I first got to know Bree Hylkema on a camping trip. The rest of the group was kitted out in so much outdoor-performance gear that it looked like we just dropped out of an REI catalog. Hylkema emerged from her tent in a wool cable-knit sweater, jeans, and vintage knee-high Frye Campus boots. I was alarmed. Where was her tactical adventure clothing? Then she proceeded to out-hike all of us.
We soon became friends. Hylkema thought more about clothing than anyone I knew. I wasn’t surprised when, a few years later, she started her own clothing company, Vermeulen & Co., with Kyra, a friend from her days working in the costume shop of the American Conservatory Theater.
I also had my doubts that Vermeulen & Co. would last, though I kept them to myself. The resurgence of small-scale manufacturing in the Bay Area was much hyped, but the most widely lauded examples of sewing-based businesses were basically just rectangles: iPad cases and messenger bags.
It was good that I kept my mouth shut. Vermeulen & Co. thrived. They joined a fashion incubator run by Macy’s. When I visited Hylkema then she was reverse-engineering vintage jackets in the former executive suites of Macy’s West, a modernist, wood-veneered ’60s time capsule that looked like the set of a post-apocalyptic version of Mad Men. Our conversations expanded from love drama and work drama to include things like textile weave and global cotton shortages.
When Grist decided to do a series of stories on fast fashion, I immediately thought of Hylkema, who has now spent five years building a clothing business that is exactly the opposite of fast. What is slow fashion actually like, not as an ideal, but from the business end of things? The following is an edited and condensed version of our conversation.
Q. So, let’s begin at the beginning. How did you decide to start your own clothing company?
A. Kyra and I are not the same size, but we had the same problems when we were looking for clothing. It was not fitting us in the same ways. Tailoring for curvy women requires darts [cuts to the fabric to make it fit better], and darts are more expensive.
Women like us should have more options. They should be able to wear button-down shirts. Vivienne Westwood says, “You have a more interesting life when you wear impressive clothes.” I think that’s true.
Q. So that’s one reason why so much of the clothing that is in stores is for stick people? It’s easier to design clothing for a stick body?
A. Yes. Or to make it stretchy. If you go into a plus-size store today it’s all stretchy fabric because it’s easier to make something stretchy than it is to put in a dart.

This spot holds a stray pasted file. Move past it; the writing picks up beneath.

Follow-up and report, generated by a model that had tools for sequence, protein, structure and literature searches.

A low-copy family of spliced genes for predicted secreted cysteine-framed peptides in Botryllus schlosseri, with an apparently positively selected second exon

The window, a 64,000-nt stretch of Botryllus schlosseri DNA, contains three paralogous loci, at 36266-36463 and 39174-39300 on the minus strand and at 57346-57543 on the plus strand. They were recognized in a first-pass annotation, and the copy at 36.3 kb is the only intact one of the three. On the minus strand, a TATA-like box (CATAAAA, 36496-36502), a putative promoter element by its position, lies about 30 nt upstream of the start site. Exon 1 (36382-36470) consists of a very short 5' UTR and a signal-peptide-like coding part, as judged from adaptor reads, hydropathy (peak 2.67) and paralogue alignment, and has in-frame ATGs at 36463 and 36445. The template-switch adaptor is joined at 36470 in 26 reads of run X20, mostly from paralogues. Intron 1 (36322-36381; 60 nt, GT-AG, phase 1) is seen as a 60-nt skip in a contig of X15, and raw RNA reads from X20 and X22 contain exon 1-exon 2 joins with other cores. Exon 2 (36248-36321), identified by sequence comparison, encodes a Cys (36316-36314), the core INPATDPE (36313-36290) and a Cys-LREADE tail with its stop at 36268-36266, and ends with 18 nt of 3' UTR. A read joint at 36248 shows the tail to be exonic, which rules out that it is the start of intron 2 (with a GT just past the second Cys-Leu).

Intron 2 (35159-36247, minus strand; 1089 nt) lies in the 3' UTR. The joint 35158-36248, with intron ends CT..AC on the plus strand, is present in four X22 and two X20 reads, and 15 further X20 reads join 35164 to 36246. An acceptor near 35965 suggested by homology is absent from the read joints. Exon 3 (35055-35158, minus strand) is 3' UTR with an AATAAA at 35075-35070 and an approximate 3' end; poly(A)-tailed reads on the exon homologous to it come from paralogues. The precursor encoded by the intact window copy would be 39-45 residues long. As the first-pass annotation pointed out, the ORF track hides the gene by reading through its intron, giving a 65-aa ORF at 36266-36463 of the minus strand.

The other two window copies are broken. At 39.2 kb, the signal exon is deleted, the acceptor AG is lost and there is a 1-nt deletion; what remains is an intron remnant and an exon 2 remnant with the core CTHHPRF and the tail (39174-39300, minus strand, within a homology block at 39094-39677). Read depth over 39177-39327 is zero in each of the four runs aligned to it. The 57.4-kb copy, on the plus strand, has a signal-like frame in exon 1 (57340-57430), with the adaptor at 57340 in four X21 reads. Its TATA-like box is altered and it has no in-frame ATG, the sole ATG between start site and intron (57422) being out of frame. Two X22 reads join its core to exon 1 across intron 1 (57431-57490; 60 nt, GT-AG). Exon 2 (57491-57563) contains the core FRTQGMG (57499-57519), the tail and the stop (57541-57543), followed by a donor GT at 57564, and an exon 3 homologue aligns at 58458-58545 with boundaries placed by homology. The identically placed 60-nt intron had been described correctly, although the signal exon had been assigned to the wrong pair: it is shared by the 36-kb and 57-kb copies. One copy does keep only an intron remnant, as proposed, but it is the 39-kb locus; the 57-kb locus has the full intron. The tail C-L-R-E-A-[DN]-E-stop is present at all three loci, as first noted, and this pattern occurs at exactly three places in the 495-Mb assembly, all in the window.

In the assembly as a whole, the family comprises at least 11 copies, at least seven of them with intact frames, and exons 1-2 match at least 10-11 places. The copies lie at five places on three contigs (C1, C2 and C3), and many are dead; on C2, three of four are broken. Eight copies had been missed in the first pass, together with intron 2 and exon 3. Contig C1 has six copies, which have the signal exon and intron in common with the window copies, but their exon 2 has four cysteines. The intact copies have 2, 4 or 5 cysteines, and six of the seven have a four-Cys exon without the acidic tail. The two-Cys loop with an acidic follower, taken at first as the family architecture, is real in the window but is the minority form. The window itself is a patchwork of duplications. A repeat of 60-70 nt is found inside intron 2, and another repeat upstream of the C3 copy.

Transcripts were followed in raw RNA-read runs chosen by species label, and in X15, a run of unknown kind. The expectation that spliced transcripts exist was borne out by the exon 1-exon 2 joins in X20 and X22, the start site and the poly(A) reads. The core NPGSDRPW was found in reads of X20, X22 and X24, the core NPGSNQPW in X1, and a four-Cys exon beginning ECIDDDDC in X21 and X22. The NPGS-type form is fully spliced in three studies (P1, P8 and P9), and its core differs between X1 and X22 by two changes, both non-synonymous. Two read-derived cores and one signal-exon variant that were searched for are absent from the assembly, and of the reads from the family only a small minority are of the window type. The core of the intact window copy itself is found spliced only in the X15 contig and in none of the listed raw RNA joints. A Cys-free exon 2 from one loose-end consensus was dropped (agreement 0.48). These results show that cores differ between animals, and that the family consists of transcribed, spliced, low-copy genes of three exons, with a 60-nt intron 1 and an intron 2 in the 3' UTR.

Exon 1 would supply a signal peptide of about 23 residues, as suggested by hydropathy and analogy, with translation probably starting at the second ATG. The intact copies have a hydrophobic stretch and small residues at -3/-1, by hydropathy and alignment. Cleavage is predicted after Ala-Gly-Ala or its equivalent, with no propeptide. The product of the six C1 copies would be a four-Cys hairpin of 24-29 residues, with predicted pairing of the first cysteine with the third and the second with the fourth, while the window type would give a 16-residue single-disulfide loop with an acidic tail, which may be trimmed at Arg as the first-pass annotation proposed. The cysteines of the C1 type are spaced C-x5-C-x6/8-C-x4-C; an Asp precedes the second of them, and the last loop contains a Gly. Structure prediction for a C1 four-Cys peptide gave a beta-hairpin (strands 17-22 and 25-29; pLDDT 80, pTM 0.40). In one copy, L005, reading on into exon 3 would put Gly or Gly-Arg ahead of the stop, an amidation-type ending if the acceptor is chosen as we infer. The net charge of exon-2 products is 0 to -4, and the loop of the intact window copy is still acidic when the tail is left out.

Also, tailored clothing doesn’t have as much hanger appeal. If something is flat, it lays nicely on the hanger. Something with a lot of curves doesn’t fit as nicely on the hanger because — surprise — your hanger is a different shape than your body. You have to put it on to make it look good.
Q. I know you’ve spent a lot of time looking into sustainable textiles. Is there a certain degree of marketing hype around that, in your experience? Do textile companies front and pretend to be more eco-friendly than they actually are?
A. We had an intern whose sole purpose was to call our fabric suppliers and find out more about where the fabric comes from, how they figure out whether it’s truly what they say it is. They’re not growing it themselves after all.
But they won’t give us that information. If I were a big company, like Eileen Fisher, maybe I could get it. The supply chain is so complicated. Cotton all over the world can wind up mixed together in one mill. Your T-shirt probably has cotton from eight different countries in it.
There are exceptions. There’s one company called Lenzing that is very transparent about their process. We really love working with their fabric — it’s soft, it’s breathable, it’s drapey. We feel good about using it. It’s not a perfect solution. None of it is. It’s a better solution.
Q. So, when people write about “locally made” textiles in San Francisco, they tend to think accessories like messenger bags. What I didn’t realize is that San Francisco still has a garment industry.
A. The messenger bag companies, their message is “Hey, we make this here, and we are going to talk about that loudly.” Tons of clothing are made here, but it’s an invisible industry. There are no storefronts. They are often not online. You just have to know that if you walk into this building on Market Street and up to the fourth floor and walk through this hallway and knock on that door there are 40 people sewing clothing in there.
If you look at what they’re making, though, it’s a lot of T-shirts and stretchy stuff. Those are things you can make more cheaply. You can just pay a few dollars to have it made, and sell it for $50.
We used to have a huge garment-manufacturing district in San Francisco — it’s shrunk a lot in the last three decades. As they shrunk, they sent a lot of the specialty machines to China, so we lost the ability to do some things. Even in China and other garment-manufacturing countries it can be so expensive to do some techniques that the techniques become less common.